How Infant Attachment is Formed Between Baby and Caretaker

by | Aug 19, 2020 | Infant, New parent, Newborns, Pregnancy


Infant attachment is the deep emotional bond between a baby and the caretaker (most especially the Mother). This attachment becomes even more apparent when the caretaker responds to the baby. For the attachment to begin on the infant’s side, they will initiate a grimace or make different faces. Newborns are beautifully equipped to smile unknowingly.

The very first attachment that babies create with their caretakers happen when the caretaker responds to the baby’s needs warmly and consistently. Whether it’s feeding, a diaper change, or a cuddle, the responses that the baby receives during times when comfort is needed determines the amount of trust that the infant can give to the adult. Parents don’t need to be worried about spoiling the baby as this concept is not something they’re familiar with yet. When the baby is given enough attention and comfort, caretakers will be quick to notice that the baby can be easily lulled to sleep or soothed whenever they cry. 

Read more about bonding with your baby and helping them grow

The value of infant attachment to the primary caretaker

They will smile and when they do, it elicits a response from the people around them. While it’s a natural reaction for adults, when we smile back, giggle, laugh, or many any appreciative noises around the baby, it creates a mirror response within them. These responses are usually in the form of giggles and smiles. Once the exchange of reactions becomes constant, it becomes part of the baby’s early habits. This exchange is called, “serve and return”. It can be compared to a tennis game. One person serves and the other returns. But in this scenario, it’s an exchange of smiling and smiling back. This back and forth communication between the caretaker and the baby cements the bond and attachment shared between the two.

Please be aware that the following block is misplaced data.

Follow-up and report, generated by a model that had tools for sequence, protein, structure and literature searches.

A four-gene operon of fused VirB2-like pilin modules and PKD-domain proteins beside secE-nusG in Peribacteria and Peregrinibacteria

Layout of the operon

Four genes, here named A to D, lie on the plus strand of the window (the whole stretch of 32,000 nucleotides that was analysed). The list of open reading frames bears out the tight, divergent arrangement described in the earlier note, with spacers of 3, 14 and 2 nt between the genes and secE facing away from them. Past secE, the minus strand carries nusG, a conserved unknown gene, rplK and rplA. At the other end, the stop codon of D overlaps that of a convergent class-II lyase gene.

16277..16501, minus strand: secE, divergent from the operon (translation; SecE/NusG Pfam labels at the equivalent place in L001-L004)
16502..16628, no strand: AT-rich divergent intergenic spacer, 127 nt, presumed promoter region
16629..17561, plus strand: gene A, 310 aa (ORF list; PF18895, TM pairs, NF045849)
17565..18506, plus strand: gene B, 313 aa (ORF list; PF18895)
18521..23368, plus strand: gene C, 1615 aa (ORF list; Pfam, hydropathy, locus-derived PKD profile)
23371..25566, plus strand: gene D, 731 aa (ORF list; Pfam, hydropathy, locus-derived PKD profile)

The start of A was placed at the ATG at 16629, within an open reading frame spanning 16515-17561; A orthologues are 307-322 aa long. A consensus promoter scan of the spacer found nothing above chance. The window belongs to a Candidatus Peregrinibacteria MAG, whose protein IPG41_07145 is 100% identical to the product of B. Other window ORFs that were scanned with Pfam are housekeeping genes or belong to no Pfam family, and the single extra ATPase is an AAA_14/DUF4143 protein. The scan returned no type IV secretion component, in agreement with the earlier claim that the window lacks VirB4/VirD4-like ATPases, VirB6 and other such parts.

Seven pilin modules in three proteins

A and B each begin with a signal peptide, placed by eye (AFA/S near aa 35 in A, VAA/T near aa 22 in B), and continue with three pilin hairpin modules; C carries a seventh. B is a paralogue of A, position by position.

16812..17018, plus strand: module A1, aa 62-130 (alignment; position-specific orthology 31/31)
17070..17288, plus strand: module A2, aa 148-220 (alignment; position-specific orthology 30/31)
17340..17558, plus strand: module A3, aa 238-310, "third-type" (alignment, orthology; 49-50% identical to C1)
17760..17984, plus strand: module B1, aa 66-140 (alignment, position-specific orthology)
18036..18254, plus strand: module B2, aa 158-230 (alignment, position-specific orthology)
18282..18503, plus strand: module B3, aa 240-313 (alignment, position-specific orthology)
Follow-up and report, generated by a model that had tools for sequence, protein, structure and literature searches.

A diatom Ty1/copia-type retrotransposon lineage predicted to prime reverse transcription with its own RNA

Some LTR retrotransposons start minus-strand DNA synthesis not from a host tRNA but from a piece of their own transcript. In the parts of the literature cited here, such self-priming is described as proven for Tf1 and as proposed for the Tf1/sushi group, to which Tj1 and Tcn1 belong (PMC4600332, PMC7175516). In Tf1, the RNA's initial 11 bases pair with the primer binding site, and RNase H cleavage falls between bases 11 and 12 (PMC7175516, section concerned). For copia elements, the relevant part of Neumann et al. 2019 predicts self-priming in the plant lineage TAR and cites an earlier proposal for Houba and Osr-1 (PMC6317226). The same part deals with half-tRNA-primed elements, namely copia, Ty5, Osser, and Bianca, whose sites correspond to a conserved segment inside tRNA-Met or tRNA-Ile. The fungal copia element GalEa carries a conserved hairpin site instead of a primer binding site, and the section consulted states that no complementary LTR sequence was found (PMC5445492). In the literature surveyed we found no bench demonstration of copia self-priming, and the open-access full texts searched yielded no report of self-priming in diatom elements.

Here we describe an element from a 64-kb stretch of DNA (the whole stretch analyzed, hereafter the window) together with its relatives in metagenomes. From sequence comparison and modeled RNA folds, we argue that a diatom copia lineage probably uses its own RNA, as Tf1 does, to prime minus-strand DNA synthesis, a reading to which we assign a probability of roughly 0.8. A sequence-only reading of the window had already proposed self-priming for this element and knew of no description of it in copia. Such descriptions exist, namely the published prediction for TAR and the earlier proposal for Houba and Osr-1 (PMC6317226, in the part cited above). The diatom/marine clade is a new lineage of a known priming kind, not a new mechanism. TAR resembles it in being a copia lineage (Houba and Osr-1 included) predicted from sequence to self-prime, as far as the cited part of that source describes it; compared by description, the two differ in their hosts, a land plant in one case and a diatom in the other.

Intentional ways babies communicate

From zero to three weeks of age, the baby communicates unintentionally through smiles, giggles, and the faces that they make. While adults find it charming and funny at times, babies don’t do this on purpose at all. The only explanation for this is that they’re just brand new babies. They’re getting used to life outside the womb. But after about four weeks, babies begin to smile intentionally as a response to the adult interactions they have on a daily basis. They’ve learned by the adults’ response that when they smile, the adults smile back. It then creates this fun and exciting interaction between the baby and the adult. And so that’s how it all begins.

It’s very interesting how a series of initial interactions with a baby marks the beginning of their language learning journey. Because, that is where language and conversation stems… talking back and forth with the other person. And so, even though it’s not entirely the beginning of verbal language, it helps in forming the foundation of language development within the baby in a way that they can uniquely understand the cues given to them by adults.

Meet Ann

I'm a child development specialist, parent coach and teacher trainer. I've cared for countless babies in child development programs, plus 3 kids, 3 grand babies and 5 foster babies! I LOVE babies and would come hold yours if I could. ❤️

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